"What use one makes of a historical explanation is a question separate from the explanation itself. Understanding is more often used to try to alter an outcome than to repeat or perpetuate it. That's why psychologists try to understand the minds of murderers and rapists, why social historians try to understand genocide, and why physicians try to understand the causes of human diseases. Those investigators do not seek to justify murder, rape, genocide, and illness. Instead, the seek to use their understanding of a chain of causes to interrupt the chain" (Diamond, Jared, Guns, Germs and Steel (A Short History of Everybody for the last 13,000 Years), 1998)

"Authors are regularly asked by journalists to summarize a long book in one sentence. For this book, here is such a sentence: "History followed different courses for different peoples because of differences among peoples' environments, not because of biological differences among the peoples themselves." " (Diamond, Jared, Guns, Germs and Steel (A Short History of Everybody for the last 13,000 Years), 1998)

"The answer follows from the Anne Karenina principle. To be domesticated, a candidate wild species must possess many different characteristics. Lack of any single required characteristic dooms efforts at domestication, just as it dooms effort at building a happy marriage. Playing marriage counselor to the zebra/human couple and other ill-sorted pairs, we can recognize at least six groups of reasons for failed domestication... Problems of Captive Breeding. We humans don't like to have sex under the watchful eyes of other; some potentially valuable animal species don't like to, either. That's what derailed attempts to domesticate cheetahs, the swiftest of all land animals, despite our strong motivation to do so for thousands of years." (Diamond, Jared, Guns, Germs and Steel (A Short History of Everybody for the last 13,000 Years), 1998)

"'A veritable chaos of banalities, schoolboy reminiscences, subjective judgements, and personal hatred' was how Otto Strasser described the draft [of Mein Kampf]." (Kershaw, Ian, Hitler 1889-1936: Hubris, 1999)

"In post-war reflections on his own behaviour at the time, [Ernst von Weizsäcker, the German State Secretary during 1930s] candidly admitted: 'I too much wanted to apply the art of the possible and underestimated the value of the irrational.'" (Kershaw, Ian, Hitler 1936-1945: Nemesis, 2000)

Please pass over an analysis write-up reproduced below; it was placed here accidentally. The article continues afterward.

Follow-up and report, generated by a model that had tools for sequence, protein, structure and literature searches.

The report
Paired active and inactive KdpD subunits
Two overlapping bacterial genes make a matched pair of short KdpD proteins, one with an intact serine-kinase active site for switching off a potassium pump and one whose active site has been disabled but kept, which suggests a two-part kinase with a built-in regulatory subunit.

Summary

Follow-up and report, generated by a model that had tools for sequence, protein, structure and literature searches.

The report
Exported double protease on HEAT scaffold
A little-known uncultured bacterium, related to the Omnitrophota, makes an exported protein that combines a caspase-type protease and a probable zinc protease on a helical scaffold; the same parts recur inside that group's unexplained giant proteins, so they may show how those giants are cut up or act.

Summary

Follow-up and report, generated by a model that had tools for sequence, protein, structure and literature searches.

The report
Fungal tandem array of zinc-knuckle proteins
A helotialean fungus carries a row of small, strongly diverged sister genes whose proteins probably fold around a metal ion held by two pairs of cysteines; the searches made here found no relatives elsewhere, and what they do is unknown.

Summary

"[General Liebmann] had heard some effective speeches by Hitler, he wrote, but this one lacked all objectivity and was full of illusions. 'Its bragging and brash tone was downright repulsive. One had the feeling that here a man spoke who had lost all feeling of responsibility and any clear conception of what a victorious war signified, and who, with unsurpassed wantonness, was determined to leap into the dark.'" (Kershaw, Ian, Hitler 1936-1945: Nemesis, 2000)

"It was a problem that afflicted the entire dictatorship - up to and including Hitler himself. Only positive messages were acceptable. Pessimism (which usually meant realism) was a sign of failure. Distortion of the truth were built into the communication system of the Third Reich at every level - most of all in the top echelons of the regime" (Kershaw, Ian, Hitler 1936-1945: Nemesis, 2000)

"'It is now time that something was done. But the man who has the courage to do something must do it in the knowledge that he will go down in German history as a traitor. If he does not do it, however, he will be a traitor to his own conscience.' Colonel Claus Schenk Graf von Stauffenberg, July 1944" (Kershaw, Ian, Hitler 1936-1945: Nemesis, 2000)